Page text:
Loquidity Brings Crowdfunding to Midwestern Real Estate Markets

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view Loquidity’s deals online, investments are currently only available to accredited and international investors who are required to invest a minimum of $5,000 per deal. Elias says there are about 150 people already signed up to be potential crowdfunders.

In return, investors own a piece of the property through an LLC, and Elias says they also get a “preferred rate of return” of six to eight percent quarterly or annually, or up to 20 percent if there’s an exit. “Even if Loquidity goes away, investors still own the property,” Elias adds.

As for what makes the perfect Loquidity investor, Elias says it all depends on the risk profile: “The person looking to buy their own house is not there yet—we’re not competing with banks. But if you have experience fixing and flipping houses, we might be able to do a short-term deal.”

Right now, Loquidity, which has a team of six employees, is self-funded, though Elias says the company may seek outside funding if it grows. The fact that it took three months from its June launch date to get the first deal up on the website is likely due in part to investors not understanding the intricacies of Michigan’s crowdfunding legislation.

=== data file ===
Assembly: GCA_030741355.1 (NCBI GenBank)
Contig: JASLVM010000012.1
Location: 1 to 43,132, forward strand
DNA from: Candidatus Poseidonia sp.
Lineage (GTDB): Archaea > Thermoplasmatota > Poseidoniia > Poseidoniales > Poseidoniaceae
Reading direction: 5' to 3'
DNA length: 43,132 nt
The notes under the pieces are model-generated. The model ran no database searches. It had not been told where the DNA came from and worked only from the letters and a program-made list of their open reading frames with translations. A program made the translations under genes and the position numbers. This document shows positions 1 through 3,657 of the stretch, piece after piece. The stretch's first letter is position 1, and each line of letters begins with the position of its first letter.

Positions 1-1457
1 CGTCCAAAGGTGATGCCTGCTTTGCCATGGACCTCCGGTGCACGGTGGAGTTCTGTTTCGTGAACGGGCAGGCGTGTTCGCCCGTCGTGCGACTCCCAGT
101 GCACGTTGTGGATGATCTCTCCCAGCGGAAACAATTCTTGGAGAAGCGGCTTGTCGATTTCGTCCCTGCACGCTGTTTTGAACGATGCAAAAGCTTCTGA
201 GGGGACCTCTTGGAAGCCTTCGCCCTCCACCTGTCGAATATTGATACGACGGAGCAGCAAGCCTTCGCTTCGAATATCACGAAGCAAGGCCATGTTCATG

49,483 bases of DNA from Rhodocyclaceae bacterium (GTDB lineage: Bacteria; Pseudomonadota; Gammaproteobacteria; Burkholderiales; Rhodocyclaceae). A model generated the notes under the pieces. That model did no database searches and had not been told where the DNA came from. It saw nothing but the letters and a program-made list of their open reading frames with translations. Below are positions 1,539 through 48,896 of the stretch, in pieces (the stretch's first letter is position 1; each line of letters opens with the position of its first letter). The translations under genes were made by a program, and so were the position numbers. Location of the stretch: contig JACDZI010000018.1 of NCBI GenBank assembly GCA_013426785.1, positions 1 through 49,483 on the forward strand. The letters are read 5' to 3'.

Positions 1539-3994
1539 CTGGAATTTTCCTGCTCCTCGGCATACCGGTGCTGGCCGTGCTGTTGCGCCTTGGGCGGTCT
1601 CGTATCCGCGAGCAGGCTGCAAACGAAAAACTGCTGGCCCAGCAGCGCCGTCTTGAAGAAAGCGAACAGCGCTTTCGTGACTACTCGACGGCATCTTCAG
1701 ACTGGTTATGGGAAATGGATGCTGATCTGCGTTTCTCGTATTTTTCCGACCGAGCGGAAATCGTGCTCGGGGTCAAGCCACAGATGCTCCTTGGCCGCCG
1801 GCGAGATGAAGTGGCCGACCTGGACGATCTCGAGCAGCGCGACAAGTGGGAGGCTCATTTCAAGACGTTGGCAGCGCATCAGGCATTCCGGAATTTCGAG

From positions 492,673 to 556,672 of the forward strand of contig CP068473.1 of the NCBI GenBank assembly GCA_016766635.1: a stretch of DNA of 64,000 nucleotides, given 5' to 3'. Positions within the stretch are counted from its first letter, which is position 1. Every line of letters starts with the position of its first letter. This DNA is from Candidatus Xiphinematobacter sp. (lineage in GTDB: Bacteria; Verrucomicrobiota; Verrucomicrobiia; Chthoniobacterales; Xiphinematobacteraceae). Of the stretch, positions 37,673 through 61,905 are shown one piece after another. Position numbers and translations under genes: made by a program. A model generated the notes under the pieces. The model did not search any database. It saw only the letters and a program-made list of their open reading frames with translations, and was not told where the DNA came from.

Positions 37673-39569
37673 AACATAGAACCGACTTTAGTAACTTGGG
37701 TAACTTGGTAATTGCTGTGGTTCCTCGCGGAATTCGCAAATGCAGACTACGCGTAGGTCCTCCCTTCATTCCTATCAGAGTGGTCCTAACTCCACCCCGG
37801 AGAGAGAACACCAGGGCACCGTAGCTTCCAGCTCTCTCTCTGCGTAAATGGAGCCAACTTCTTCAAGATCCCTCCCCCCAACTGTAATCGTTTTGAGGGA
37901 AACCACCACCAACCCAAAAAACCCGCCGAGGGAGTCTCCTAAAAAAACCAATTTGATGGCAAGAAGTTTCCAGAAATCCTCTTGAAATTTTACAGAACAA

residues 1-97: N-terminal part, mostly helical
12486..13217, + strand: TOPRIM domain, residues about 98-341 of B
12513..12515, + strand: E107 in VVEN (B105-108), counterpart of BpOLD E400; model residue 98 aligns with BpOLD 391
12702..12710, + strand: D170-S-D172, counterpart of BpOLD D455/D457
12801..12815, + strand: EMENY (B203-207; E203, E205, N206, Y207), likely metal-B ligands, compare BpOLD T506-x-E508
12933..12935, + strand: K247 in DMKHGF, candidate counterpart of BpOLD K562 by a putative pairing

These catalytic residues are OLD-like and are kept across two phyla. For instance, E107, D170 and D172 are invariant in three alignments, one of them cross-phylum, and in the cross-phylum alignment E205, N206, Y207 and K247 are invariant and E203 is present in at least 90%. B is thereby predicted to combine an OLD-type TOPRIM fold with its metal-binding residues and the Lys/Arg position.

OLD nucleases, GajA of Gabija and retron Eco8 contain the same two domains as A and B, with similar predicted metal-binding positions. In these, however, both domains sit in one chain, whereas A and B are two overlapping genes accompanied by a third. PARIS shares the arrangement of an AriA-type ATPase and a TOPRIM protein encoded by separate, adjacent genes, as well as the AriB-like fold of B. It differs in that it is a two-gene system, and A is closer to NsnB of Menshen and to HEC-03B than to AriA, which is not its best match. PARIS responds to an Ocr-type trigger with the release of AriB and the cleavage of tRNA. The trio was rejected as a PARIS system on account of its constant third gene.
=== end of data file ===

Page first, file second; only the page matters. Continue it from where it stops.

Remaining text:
“Lots of people in the Midwest don’t understand what crowdfunding is, so we’re doing a lot of dog and pony shows to educate them on it,” Elias adds. “Midwest investors are a bit more conservative with their money, but that’s good. We hope the dam opens up after we close this deal.”

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One response to “Loquidity Brings Crowdfunding to Midwestern Real Estate Markets”

  1. Curt Smith says:

    When crowd funding can fund the purchase of a rental and allowing the rental to have a decent cash flow after debt service like higher than DSCR of 1.5 or higher, then we’ll know crowd funding has really arrived.

    IMHO crowd funding a few flips or large apartment buildings crowd funding is NOT there yet. Yes it’s a step by step process. Good to hear the states are tired of waiting for the SEC.